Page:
Letters from the Dead: Commemorative Walk (Kingston, Jamaica)

Letters from the Dead: the commemorative walk took place in Kingston Jamaica in 2009, when 300 people walked across the borders of Kingston’s warring communities, carrying and wearing images of their dead, knitting the city together in an act of public mourning for the thousands killed in the wars of the last forty years. The performance culminated with the laying out of images of the dead and the ritual reading of letters to and from victims of community wars outside the Mayor’s Office and the Supreme Court of Kingston.

Before the march took place, arts based workshops involved participants to explore the ways that people remember and forget violence.  Folks discussed the different circumstances that result in the shooting, injury and death of diverse victims and the enormous pain and waste that it has caused.  For several, forgetting is an attempt to cope with the pain of loss, but it is also to avoid the desire for revenge that was triggered by remembering, raising the important question of how to link memory with reconciliation as one constructive response to violence.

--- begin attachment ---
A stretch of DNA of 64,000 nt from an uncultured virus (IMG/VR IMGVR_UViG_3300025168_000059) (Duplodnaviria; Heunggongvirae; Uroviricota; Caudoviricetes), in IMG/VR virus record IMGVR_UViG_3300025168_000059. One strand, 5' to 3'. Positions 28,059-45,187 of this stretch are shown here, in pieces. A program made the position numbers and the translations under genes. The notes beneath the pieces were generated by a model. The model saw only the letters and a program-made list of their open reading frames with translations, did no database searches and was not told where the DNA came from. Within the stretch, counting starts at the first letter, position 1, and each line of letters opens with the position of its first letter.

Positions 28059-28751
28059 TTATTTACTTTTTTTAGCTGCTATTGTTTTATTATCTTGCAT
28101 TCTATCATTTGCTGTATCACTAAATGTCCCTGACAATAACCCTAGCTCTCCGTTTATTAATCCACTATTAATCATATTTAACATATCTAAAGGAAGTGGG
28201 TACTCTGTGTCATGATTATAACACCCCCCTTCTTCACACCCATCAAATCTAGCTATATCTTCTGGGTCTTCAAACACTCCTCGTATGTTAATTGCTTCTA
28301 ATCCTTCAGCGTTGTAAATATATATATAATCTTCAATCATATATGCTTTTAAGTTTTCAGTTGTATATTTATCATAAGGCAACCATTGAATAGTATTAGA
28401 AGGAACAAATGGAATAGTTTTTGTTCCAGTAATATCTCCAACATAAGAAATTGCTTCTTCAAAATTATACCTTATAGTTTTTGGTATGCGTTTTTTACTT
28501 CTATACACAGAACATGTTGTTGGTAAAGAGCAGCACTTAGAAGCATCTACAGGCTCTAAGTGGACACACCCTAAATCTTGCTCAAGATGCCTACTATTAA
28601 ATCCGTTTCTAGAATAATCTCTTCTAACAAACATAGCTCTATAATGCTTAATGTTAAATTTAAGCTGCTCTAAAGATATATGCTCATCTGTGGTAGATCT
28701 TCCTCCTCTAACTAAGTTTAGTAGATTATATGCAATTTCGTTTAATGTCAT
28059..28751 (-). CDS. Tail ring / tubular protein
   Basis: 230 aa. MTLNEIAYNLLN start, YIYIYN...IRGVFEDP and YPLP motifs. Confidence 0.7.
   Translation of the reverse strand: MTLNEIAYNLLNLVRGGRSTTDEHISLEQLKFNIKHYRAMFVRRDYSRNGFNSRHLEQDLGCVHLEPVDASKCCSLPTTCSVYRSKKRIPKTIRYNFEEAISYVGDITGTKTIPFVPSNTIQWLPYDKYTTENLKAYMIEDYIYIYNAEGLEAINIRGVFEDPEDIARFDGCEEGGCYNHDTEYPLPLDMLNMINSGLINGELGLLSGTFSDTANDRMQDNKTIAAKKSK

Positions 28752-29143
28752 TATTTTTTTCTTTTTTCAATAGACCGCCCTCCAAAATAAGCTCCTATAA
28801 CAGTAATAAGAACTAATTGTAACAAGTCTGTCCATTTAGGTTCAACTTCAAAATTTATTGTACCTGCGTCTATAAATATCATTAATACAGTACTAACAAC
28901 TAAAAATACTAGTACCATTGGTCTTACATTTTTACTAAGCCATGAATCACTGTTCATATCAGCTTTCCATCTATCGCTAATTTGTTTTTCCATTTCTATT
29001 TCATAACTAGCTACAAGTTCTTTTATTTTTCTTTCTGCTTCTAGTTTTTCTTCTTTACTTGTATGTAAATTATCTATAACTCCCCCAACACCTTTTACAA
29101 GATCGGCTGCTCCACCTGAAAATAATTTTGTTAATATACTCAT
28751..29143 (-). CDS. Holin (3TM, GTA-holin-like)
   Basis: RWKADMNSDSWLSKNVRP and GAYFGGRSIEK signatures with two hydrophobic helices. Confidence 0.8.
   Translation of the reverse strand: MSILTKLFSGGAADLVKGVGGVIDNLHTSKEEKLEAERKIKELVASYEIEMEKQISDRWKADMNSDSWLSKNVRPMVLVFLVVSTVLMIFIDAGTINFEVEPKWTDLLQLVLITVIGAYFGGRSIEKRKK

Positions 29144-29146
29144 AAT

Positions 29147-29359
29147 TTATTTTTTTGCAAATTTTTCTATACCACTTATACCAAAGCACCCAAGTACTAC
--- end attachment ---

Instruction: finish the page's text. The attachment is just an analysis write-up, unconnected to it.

“For those of us there that afternoon, “Letters from the Dead” was a cathartic moment that deliberately moved across hard lines of political and ideological affiliation. In a growing climate of individualization, amidst deepening social and economic exclusion, people took to the streets for a few hours in June to show that collective strategies and responses were not only necessary but still possible, knitting together the city space in public mourning, commemorating those whose lives have been shattered by violence as belonging to all and as deserving of support across all hardened and deadly divisions.” The Starbroek News, Georgetown, Guyana. September 2009

A network of organizations including the Peace Management Initiative (PMI), the Sistren Theatre Collective and affiliated groups, worked on this performance along with community members, artists, students and scholars from the Edna Manley College of the Visual and Performing Arts in Kingston, Jamaica and the Faculty of Environmental Studies at York University.